There are plenty of opportunities for jewelers to promote their stores through the local (and sometimes the national) media. Linda Goldstein, president and owner of Goldstein Communications, told retailers several ways to achieve this on Thursday during a seminar at The JCK Show ~ Las Vegas 2003.
In her presentation, “Public Relations—An Important and Effective Tool in the Marketing Mix,” Goldstein described how public relations works in a store’s overall marketing plan and how it differs from advertising and other publicity. She also offered tips on how to place a business in the minds of media decision makers—such as newspaper editors and television newsroom directors.
“Public relations will give you the opportunity to reach the end user. It is a great opportunity to bring in lots of wonderful new business,” Goldstein said. “The more dedicated you are, the more it will affect your business.”
Goldstein said that newspapers and local television stations are often understaffed and are always searching for new story ideas. A good public relations program will present good story ideas in a competent and professional manner.
“In regional areas, they [newspapers and television stations] need your help,” she said. “You can easily become their expert as long as you give them the opportunity to speak with you.”
Goldstein explained how to create a press kit, who to contact, how to develop a communications plan, and how to write a press release.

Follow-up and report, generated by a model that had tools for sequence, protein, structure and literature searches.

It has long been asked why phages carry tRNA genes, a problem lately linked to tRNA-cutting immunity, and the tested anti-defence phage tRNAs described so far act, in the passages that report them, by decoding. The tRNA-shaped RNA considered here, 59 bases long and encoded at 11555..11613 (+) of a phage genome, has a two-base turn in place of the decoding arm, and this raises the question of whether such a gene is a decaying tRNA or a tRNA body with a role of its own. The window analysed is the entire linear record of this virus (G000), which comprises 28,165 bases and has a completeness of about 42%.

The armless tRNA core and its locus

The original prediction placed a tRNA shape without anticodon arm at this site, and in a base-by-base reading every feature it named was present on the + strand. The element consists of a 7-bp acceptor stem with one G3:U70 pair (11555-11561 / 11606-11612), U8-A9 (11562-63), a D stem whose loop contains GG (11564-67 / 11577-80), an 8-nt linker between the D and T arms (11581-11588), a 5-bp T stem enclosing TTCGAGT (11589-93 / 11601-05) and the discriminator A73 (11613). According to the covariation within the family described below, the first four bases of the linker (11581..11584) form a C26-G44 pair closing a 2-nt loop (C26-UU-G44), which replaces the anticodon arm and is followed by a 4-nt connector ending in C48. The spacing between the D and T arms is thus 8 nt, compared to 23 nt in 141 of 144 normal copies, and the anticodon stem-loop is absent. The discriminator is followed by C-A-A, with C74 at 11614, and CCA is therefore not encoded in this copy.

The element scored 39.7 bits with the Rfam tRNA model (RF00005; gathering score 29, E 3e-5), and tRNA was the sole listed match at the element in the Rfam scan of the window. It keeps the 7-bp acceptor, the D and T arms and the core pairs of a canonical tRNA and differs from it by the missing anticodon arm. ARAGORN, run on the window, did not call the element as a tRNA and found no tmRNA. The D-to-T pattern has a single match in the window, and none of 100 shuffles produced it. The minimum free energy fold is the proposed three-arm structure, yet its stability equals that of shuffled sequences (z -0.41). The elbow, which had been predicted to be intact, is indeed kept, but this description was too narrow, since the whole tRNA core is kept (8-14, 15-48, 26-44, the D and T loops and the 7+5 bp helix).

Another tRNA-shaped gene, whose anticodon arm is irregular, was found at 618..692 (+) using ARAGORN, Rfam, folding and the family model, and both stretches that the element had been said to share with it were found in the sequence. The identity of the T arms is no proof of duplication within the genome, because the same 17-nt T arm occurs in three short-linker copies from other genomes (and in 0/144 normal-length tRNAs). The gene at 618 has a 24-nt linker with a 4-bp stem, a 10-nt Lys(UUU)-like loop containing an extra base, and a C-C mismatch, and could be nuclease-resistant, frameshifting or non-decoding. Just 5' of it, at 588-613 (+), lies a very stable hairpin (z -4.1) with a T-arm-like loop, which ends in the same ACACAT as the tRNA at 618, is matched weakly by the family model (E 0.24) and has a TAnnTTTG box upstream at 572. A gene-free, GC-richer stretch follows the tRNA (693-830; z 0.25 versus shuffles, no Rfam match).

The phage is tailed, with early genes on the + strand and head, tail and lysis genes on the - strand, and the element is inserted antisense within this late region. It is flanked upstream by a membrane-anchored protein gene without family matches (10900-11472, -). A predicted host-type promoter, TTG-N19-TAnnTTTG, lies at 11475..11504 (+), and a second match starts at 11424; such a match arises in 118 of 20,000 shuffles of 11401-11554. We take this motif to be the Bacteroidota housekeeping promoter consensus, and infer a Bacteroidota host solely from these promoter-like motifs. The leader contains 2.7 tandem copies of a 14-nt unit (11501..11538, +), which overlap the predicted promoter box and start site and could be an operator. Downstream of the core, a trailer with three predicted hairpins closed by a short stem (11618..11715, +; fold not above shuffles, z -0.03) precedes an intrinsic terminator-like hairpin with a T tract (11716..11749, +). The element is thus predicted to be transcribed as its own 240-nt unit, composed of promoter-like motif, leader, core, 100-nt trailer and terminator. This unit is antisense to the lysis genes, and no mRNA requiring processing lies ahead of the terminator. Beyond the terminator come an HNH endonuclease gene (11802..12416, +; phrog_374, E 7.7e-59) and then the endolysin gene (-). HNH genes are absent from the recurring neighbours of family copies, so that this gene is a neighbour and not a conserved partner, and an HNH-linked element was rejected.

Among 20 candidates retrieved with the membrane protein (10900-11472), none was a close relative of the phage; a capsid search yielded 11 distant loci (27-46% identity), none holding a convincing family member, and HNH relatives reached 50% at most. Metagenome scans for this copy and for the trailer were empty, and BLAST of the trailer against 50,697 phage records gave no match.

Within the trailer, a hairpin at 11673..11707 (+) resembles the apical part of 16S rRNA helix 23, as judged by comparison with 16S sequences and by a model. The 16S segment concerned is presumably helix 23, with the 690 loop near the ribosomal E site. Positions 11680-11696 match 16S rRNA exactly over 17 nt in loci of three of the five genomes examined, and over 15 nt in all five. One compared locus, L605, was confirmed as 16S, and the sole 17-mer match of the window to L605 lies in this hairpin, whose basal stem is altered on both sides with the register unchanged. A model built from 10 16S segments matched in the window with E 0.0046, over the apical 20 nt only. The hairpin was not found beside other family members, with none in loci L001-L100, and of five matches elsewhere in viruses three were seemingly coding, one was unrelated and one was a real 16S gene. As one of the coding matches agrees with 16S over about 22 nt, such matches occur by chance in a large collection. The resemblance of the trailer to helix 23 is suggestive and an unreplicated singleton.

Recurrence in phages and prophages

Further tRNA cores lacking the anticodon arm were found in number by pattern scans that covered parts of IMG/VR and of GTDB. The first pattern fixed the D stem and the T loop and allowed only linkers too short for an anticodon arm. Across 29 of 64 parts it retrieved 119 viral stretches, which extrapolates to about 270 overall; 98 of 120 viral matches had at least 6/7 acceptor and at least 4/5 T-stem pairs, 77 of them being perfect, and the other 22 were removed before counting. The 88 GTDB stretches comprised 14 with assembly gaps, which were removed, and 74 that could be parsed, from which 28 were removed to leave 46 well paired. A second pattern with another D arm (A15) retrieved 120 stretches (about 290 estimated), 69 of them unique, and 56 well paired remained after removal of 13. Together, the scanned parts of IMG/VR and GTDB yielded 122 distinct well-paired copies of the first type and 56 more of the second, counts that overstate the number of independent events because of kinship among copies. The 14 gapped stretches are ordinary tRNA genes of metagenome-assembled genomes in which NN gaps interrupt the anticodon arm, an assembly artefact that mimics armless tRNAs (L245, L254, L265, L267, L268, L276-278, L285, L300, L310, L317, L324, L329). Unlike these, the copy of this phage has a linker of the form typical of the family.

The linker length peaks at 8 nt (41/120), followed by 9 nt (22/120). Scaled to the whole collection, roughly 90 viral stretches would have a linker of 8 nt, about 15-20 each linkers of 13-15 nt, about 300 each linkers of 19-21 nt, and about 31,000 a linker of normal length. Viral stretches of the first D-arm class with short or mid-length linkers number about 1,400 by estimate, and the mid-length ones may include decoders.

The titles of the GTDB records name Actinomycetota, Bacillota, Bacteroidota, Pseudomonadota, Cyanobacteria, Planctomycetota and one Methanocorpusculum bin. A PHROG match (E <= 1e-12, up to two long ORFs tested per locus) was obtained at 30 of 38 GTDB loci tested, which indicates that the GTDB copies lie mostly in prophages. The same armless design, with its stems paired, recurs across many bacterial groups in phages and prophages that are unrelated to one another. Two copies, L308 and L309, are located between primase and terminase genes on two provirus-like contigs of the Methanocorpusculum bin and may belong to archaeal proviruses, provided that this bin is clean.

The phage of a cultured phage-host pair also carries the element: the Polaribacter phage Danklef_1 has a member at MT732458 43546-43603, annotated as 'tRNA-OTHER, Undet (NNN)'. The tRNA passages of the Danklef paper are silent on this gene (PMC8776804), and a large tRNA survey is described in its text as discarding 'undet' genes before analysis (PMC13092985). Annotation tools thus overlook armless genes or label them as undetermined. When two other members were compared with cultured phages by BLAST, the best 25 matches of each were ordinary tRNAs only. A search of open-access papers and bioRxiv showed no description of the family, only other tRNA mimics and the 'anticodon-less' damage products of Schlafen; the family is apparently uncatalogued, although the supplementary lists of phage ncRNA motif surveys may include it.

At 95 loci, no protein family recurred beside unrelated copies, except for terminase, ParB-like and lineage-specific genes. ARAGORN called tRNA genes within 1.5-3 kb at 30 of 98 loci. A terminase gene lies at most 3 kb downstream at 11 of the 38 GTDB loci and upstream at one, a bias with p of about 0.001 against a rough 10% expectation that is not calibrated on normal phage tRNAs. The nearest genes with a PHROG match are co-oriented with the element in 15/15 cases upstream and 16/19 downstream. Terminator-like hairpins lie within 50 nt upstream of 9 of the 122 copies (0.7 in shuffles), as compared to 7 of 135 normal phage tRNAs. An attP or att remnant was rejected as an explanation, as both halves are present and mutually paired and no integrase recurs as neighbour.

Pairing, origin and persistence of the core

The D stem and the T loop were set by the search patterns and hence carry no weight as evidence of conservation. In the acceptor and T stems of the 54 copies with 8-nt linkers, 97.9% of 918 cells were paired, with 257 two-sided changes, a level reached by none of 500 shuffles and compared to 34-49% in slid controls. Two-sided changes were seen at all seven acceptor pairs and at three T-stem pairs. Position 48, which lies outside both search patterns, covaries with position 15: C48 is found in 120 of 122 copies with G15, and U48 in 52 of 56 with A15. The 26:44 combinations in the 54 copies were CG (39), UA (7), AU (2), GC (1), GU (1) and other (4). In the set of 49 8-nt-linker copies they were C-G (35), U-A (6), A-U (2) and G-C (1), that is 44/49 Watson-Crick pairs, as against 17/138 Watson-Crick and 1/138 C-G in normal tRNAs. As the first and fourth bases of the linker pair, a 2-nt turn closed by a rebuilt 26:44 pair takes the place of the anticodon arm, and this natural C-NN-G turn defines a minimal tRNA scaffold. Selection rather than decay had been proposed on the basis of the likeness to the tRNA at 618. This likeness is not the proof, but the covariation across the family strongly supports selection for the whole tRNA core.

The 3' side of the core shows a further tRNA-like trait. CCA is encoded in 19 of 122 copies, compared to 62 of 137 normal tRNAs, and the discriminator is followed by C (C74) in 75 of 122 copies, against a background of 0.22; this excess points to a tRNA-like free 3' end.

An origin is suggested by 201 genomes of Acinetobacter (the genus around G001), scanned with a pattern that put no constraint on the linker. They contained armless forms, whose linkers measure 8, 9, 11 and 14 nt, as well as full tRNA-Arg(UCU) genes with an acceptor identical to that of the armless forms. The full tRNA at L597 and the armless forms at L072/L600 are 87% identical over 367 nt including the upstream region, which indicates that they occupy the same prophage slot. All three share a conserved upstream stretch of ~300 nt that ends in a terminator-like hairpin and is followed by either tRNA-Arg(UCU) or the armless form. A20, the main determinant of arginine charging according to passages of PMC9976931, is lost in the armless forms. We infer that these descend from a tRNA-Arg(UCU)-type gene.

Goldstein said that a press kit cover should be “simple and eloquent.” It doesn’t have to be expensive, but it should express the identity of the store. Press kits should also include:
* A background statement that provides a brief history of the store.
* Great photography.
* A pitch letter. “This is a short note from you telling the editor why you think the information is important.”
Goldstein explained that the communications plan is basically a map of important events throughout the year that should be of interest to the local media. She advised getting a calendar and mapping out those events and providing press information with long enough lead times for the editors to be able to use the information. For example, spring is historically a time for weddings, so timely information related to weddings would be useful to local media. The same holds true for special events such as Valentine’s Day, Mother’s Day, and Christmas.
Information about the “four Cs,” celebrity endorsements, and the special brands a store carries can also provide useful angles for the media, she said.
When writing press releases, Goldstein suggested that the most important information should be in the beginning of the release and that the release should answer the questions, Who? What? When? Where? and Why? And the press release, like everything else, should be clear and concise.
She also suggested partnering with non-competing but related businesses to host special events. For example, for a special day devoted to weddings, a jeweler could hold an event that included a florist, a limo company, and a hotel that hosts numerous wedding receptions.
Even though the seminar focused on a do-it-yourself way to approach public relations, Goldstein suggested that jewelers hire a p.r. agency, at least in the beginning. When an audience member asked what kind of questions one should ask when considering an agency, Goldstein’s response was, “Go with your gut. Make sure that the company feels good to you.
She also noted that a p.r. agency should provide a six-month action plan, and every month the agency should provide an activities report, which describes what the agency has been doing for the client and how effective it has been. “I think it is very important for the agency to communicate with you.”